The Balanced Centrifuge Problem

Next week I start a new position as Associate Dean for Faculty Development in the Georgia Tech College of Sciences.  One of the things I’m looking forward to is getting to know more faculty outside the School of Mathematics and learning about their research. My knowledge of biology, in particular, is rather woeful, but I love reading about the latest developments in Quanta Magazine and elsewhere.

The other day I took my 14-year-old daughter, who is hoping to study genetics, to visit the lab of a Georgia Tech colleague in the School of Biology.  During the visit we discussed how expensive it can be not just to purchase but also to maintain certain kinds of lab equipment, for example centrifuges.  This reminded me about a blog post I’ve been meaning to write for a long time now…

Back in 2011-12, I spent a year as a faculty member at UC Berkeley and I became friends with some biologists there.  One weekend afternoon I was chatting with a cancer researcher named Iswar Hariharan at a barbecue, and when he heard that I was a number theorist he told me about a problem he had been thinking about on and off for more than 15 years.   The problem concerns balancing centrifuges. Continue reading

Circles, the Basel Problem, and the Apparent Brightness of Stars

On Pi Day 2016, I wrote in this post about the remarkable fact, discovered by Euler, that the probability that two randomly chosen integers have no prime factors in common is \frac{6}{\pi^2}.  The proof makes use of the  famous identity \sum_{n=1}^\infty \frac{1}{n^2} = \frac{\pi^2}{6}, often referred to as the “Basel problem”, which is also due to Euler.  In the 2016 post I presented Euler’s original solution to the Basel problem using the Taylor series expansion for \frac{\sin(x)}{x}.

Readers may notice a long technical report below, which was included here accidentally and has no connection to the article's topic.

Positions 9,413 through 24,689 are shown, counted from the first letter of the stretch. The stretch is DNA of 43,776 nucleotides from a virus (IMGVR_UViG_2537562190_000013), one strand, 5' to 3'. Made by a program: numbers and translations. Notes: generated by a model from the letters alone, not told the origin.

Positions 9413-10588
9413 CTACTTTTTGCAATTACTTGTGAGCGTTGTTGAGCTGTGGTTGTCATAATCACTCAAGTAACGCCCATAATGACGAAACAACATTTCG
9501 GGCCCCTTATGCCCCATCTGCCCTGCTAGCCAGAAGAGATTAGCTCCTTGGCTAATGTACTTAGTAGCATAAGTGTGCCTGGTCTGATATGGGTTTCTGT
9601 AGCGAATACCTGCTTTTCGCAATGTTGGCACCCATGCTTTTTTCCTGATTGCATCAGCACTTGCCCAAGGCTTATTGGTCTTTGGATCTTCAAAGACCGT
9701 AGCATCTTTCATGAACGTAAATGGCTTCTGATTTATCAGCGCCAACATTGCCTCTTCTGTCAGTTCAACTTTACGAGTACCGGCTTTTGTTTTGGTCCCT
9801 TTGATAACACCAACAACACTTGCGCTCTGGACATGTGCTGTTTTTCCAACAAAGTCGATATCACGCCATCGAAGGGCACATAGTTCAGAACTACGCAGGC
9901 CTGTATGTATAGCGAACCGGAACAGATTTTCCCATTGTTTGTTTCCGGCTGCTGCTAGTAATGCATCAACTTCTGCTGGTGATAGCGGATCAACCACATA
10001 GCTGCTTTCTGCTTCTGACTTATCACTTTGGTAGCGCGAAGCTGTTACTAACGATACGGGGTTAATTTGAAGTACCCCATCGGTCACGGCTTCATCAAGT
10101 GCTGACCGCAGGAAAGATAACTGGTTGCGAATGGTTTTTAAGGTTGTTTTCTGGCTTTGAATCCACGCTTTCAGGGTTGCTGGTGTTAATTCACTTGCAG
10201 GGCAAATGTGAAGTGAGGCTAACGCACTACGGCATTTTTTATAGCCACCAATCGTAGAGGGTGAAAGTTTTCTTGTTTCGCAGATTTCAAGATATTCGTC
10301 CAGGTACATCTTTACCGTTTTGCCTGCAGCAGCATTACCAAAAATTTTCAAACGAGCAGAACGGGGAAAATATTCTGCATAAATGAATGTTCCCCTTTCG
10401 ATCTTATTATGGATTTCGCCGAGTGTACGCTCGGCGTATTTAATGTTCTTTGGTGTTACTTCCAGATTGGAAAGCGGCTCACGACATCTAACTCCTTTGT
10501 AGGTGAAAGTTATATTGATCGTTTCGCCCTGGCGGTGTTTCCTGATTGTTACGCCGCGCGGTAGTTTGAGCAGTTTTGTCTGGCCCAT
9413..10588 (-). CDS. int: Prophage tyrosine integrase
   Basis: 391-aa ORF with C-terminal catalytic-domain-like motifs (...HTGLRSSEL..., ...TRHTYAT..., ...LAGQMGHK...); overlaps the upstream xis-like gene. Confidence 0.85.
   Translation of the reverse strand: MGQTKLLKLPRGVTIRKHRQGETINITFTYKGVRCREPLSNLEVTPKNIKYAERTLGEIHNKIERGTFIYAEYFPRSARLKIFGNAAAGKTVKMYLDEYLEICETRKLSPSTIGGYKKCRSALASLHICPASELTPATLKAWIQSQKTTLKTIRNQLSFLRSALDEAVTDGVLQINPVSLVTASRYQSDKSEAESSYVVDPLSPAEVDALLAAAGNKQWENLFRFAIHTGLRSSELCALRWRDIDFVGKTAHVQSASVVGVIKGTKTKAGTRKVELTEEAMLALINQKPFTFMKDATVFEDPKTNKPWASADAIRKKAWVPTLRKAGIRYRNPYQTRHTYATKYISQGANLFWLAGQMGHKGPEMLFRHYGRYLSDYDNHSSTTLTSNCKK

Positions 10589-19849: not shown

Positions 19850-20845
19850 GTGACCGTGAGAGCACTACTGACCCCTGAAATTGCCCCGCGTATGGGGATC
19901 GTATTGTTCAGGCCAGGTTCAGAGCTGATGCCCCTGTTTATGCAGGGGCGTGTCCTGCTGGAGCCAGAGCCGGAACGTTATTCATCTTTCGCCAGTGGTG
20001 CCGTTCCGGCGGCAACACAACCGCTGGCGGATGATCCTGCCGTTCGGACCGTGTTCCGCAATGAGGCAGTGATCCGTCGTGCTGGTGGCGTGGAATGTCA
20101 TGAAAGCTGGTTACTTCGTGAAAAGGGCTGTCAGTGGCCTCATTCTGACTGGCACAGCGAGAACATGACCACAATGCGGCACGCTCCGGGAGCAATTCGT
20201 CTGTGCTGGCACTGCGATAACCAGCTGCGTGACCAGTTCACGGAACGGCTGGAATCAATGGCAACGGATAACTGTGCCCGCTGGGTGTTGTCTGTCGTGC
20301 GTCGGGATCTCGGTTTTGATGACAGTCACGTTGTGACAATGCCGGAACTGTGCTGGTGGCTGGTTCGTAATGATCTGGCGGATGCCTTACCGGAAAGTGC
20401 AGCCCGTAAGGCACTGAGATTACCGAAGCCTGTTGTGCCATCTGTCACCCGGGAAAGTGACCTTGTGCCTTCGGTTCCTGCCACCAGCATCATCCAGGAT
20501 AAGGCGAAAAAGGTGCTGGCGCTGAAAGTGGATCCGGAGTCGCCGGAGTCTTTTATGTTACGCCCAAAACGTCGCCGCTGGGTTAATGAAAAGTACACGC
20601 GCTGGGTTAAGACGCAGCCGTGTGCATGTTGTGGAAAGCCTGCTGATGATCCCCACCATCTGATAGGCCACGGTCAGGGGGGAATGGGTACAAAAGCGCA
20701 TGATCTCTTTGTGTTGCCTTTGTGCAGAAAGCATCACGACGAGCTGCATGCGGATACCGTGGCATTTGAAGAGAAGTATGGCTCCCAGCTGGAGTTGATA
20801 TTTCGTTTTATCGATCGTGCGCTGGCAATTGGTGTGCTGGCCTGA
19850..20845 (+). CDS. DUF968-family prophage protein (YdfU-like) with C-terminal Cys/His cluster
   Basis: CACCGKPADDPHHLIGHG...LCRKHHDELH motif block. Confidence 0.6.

In honor of Pi Day 2018, I’d like to explain a simple and intuitive solution to the Basel problem due to Johan Wästlund.  (Wästlund’s paper is here; see also this YouTube video, which is where I first heard about this approach – thanks to Francis Su for sharing it on Facebook!)  Wästlund’s approach is motivated by physical considerations (the inverse-square law which governs the apparent brightness of a light source) and uses only basic Euclidean geometry and trigonometry.

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Many of you have undoubtedly heard by now the math puzzle about Cheryl’s birthday which has been sweeping across the internet.  I appeared on CNN on Wednesday to explain the solution — here is a link to the problem and my explanation.  Since that appearance, I’ve received dozens of emails about the problem and/or my explanation of it.   I thought I’d share a few of my thoughts following this flurry of activity. Continue reading

Conference on p-adic methods in number theory

After somewhat of a hiatus, I’m back to blogging again.  The purpose of this post is to advertise the conference “p-adic Methods in Number Theory”, which will be held in Berkeley, CA from May 26-30, 2015.  The conference, which I am helping to organize, is in honor of the mathematical legacy of Robert Coleman.  Please spread the word!  Here is the current version of the conference poster, which will be mailed out soon to a math department near you:

Coleman Conference Poster

Many thanks to Janet Ziebell of the Georgia Tech College of Sciences for her help creating this poster, and to Ken McMurdy for designing the conference website.

Here is a memorial article about Robert which I co-authored with Barry Mazur and Ken Ribet.   I encourage you to read it!  It will be published in the new open access journal Research in the Mathematical Sciences, in a special volume dedicated to Robert.

You can find other interesting links related to Robert Coleman’s life and work here, and in this older blog post of mine.